Bring. It. On.
The festive season is almost in full-swing with appetites to venture outside fast approaching the temperature: zero. Consumption of food and alcohol is on the rise, in parallel with body-fat percentages, whatever you must do to stay warm. Forgotten relatives are now returning to the scene, poking their noses around and inviting themselves in for dinner. Do not fret. I have the answer.
If passing out on the sofa seems inappropriate and conversation even less desirable, this competitive strategy game has your back.
Catan is a four-player game with a separate expansion pack that accommodates up to six players. Taking about 90 minutes to complete, it’s more than enough to have shown your guests a decent time and send them off in a taxi once the game is up.
Catan doesn’t take long to teach.
Old fogeys, airheads and drunks alike can learn to play, although you will almost certainly beat them. The aim of the game is to reach up to 10 victory points, achieved through building roads, cities and settlements – these are the three pieces you have to play with – as well as possible points from development cards.
Each player begins with one settlement and two roads placed onto the board.
This starting position is essential, as it determines your access to the five available resources – wood, wool, brick, grain and ore – of which various combinations are needed to buy the roads, cities and settlements, or trade in for a development card. No two boards are the same, resulting in unique game play every time, as the board is made up of hexagons, randomly placed at the start.
Access to resources is determined by your starting position and the turn of the dice.
You are permitted to haggle and barter for resources you lack. Be careful, if you are perceived to be winning, the other players will cease trade with you. Outmanoeuvre these goons by trading with the bank, or setting up near a strategic port, where you can trade on better terms.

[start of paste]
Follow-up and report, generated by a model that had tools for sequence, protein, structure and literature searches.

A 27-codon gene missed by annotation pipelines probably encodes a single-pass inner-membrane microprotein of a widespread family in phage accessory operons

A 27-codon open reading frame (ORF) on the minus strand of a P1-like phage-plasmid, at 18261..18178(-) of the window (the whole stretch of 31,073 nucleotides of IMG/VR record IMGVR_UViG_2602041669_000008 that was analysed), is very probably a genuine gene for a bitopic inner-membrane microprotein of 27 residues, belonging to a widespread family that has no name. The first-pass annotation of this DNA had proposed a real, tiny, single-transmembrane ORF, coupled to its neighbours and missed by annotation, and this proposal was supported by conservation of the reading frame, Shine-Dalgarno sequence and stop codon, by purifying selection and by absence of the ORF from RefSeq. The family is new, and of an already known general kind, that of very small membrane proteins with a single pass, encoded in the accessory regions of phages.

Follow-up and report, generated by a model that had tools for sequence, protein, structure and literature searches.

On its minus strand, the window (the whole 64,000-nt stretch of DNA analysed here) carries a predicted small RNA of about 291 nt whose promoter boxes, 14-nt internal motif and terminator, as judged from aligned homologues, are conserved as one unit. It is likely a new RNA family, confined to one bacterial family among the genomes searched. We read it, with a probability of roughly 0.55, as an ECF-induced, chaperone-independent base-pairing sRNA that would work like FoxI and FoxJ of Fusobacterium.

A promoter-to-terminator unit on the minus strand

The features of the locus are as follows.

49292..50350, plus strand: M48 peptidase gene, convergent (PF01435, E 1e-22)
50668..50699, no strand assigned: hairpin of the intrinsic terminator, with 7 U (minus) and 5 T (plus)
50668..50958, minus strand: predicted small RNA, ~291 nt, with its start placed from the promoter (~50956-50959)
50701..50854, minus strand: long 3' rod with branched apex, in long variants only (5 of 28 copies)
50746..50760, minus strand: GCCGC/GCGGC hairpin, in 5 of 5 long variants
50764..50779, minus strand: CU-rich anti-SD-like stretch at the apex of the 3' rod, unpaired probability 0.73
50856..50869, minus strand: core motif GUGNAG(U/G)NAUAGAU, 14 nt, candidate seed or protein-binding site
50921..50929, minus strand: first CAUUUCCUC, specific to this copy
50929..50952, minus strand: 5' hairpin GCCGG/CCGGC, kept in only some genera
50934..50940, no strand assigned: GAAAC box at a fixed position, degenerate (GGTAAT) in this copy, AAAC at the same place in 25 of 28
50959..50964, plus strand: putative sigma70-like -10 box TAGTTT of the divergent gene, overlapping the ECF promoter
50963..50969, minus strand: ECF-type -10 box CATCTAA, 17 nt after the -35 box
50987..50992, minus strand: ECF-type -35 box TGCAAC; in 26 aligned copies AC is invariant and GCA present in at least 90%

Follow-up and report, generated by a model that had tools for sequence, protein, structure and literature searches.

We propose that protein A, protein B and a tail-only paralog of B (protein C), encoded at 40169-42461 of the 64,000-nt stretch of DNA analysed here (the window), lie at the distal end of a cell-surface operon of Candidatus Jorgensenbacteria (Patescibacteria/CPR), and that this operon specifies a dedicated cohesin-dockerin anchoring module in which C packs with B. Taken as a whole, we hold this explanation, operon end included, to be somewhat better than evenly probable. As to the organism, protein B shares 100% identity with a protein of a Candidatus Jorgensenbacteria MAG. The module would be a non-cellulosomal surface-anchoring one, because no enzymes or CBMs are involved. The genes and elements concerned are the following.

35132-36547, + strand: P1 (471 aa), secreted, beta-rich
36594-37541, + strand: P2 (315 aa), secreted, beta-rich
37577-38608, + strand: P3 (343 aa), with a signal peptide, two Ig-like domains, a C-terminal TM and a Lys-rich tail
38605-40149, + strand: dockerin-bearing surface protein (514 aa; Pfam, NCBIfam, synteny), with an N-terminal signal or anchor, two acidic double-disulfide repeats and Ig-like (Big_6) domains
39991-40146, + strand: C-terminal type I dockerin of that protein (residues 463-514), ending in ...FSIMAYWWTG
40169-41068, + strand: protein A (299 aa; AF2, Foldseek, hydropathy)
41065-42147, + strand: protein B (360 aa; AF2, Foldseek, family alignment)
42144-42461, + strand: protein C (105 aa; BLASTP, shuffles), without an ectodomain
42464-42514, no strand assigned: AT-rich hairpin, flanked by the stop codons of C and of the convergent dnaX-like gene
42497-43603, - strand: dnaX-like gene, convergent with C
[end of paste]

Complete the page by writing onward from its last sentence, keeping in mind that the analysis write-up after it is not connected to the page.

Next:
Do not get overwhelmed by the rules, these are picked up quickly enough.
A nice rule is when you roll a seven, any player holding more than 7 cards has to lose half of his, and the one who rolled the 7 can move the “robber” and steal one resource card from whoever is positioned on where the robber is placed.
It’s an exciting game about strategy and resource management.
It’s also about negotiation, ability to sell and sometimes, to deceive. This best-selling game is played worldwide, ever since German dental technician Klaus Teuber published the game in 1995. Millions of copies have since been sold in over 30 languages. The epicness of the game is somewhat reflected in the price, starting at around £40 from Amazon.
There are a number of expansions and versions available.
For example, Seafarers, Cities and Knights, Traders and Barbarians, each add new dimensions to the game. There is also a ‘Kids of Catan’ set available for players under 8 years old, useful for training and preparing the young ones for their Catan playing future.
Check out their official website http://www.catan.com for all your Catan-related questions.
And if you’re serious about destroying your opponents, perhaps read up on these keys to winning the game.
Thank you for the wonderful article